Who needs help? Certainly not me!
You should know better.
You can only depend on yourself
Self sufficiency is good.
Did you get those messages growing up too? I really learned how off kilter they are when I wrote my first book, “Trust God and Buy Broccoli, a Spiritual Approach to Weight Loss.” After I finished the rough manuscript, I went through it, finding errors and fixing them. I ran spell check.
Then I went through it a second time, changed some sentence structure, added a few paragraphs, an additional chapter. There were probably a half dozen more re-writes.
Then I asked a good friend, who’s excellent grammar and sentence structure I admired. More re-writes. I asked two more friends and more re-writes. Finally my baby went to the publisher. Can you imagine the bruises on my first class ego when she suggested that I hire a professional editor? Geeze! More money! Luckily I knew of a professional editor and we agreed upon a price. More revisions. And we finally went to print. Boy was I ever proud of my baby.
A blind friend asked if it would be coming out in Braille? I hadn’t planned on that. I trustingly sent her my manuscript in Word, which her computer could read. I couldn’t wait to hear her kudos on my wonderful book. Instead, her first email informed me that there were many errors, incuding the first page which said my book was wrritten by Gerri Helms. I was mortified. How come nobody caught that? Geeze!
One of my first sales questioned the ingredients on one of the recipes. I checked and found that the measure on two of the ingredients was reversed! Horrors! I tried the recipe with the error, and while it worked, it was not terrific.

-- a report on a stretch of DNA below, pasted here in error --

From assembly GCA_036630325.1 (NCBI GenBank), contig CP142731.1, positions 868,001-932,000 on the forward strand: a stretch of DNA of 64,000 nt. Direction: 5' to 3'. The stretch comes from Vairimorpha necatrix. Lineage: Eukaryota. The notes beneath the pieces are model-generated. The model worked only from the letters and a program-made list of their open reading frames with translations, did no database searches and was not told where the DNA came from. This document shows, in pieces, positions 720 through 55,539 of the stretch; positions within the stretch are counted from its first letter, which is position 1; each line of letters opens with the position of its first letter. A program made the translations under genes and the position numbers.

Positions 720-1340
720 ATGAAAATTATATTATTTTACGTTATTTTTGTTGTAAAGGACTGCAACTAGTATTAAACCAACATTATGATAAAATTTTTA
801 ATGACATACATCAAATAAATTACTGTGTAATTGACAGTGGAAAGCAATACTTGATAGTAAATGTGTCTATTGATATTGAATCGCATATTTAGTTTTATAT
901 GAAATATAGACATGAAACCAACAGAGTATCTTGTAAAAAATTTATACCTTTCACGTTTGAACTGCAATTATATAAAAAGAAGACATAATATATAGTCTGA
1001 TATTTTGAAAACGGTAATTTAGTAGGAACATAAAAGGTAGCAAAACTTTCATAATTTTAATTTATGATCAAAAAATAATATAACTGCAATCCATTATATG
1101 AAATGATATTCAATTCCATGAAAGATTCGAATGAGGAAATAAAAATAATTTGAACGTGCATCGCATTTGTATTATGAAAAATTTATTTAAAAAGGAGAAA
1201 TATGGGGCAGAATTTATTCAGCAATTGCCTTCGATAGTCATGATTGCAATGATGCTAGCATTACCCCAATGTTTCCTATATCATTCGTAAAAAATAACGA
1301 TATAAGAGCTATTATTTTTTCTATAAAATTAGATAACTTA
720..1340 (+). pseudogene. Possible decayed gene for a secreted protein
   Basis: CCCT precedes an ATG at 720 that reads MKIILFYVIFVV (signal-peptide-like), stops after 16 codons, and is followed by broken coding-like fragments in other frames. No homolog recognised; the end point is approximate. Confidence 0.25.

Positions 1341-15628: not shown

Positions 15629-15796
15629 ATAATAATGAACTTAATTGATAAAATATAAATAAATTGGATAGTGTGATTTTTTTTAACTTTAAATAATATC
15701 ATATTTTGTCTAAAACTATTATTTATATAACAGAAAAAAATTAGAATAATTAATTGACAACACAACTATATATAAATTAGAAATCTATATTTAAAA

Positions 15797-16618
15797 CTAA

I talked with my editor and she said to wait six months and we’d check again for errors and do a reprint. In the meantime, I printed some labels and fixed the recipe on any copies I sold. And when I signed the books, I wrote my name right over the top of the misspelled wrritten.
I proofed the book again and found a total of NINE errors to be fixed for the next printing. Can you imagine, with all the help I sought, both friends and professionals, my book was not ‘perfect.’ I would be willing to be that you could go through it and find more errors today.
When my second publication came out (contributing author to The ART of Grandparenting), Editor and Publisher Valerie Connelly made a few suggestions which really made the story even better. Many have said that my chapter is the funniest in the book! While it would have been ‘okay’ on it’s own, Valerie’s help made it fantastic!
I am not an island. While I have great talents, when I combine them with expertise of others, my end result is better.
So, consider this. Do you ask for help? Perhaps your single efforts are reaping great returns but how much better could it be with additional input? Could a fresh perspective be all you need to rocket your business/personal goal to an entirely new dimension?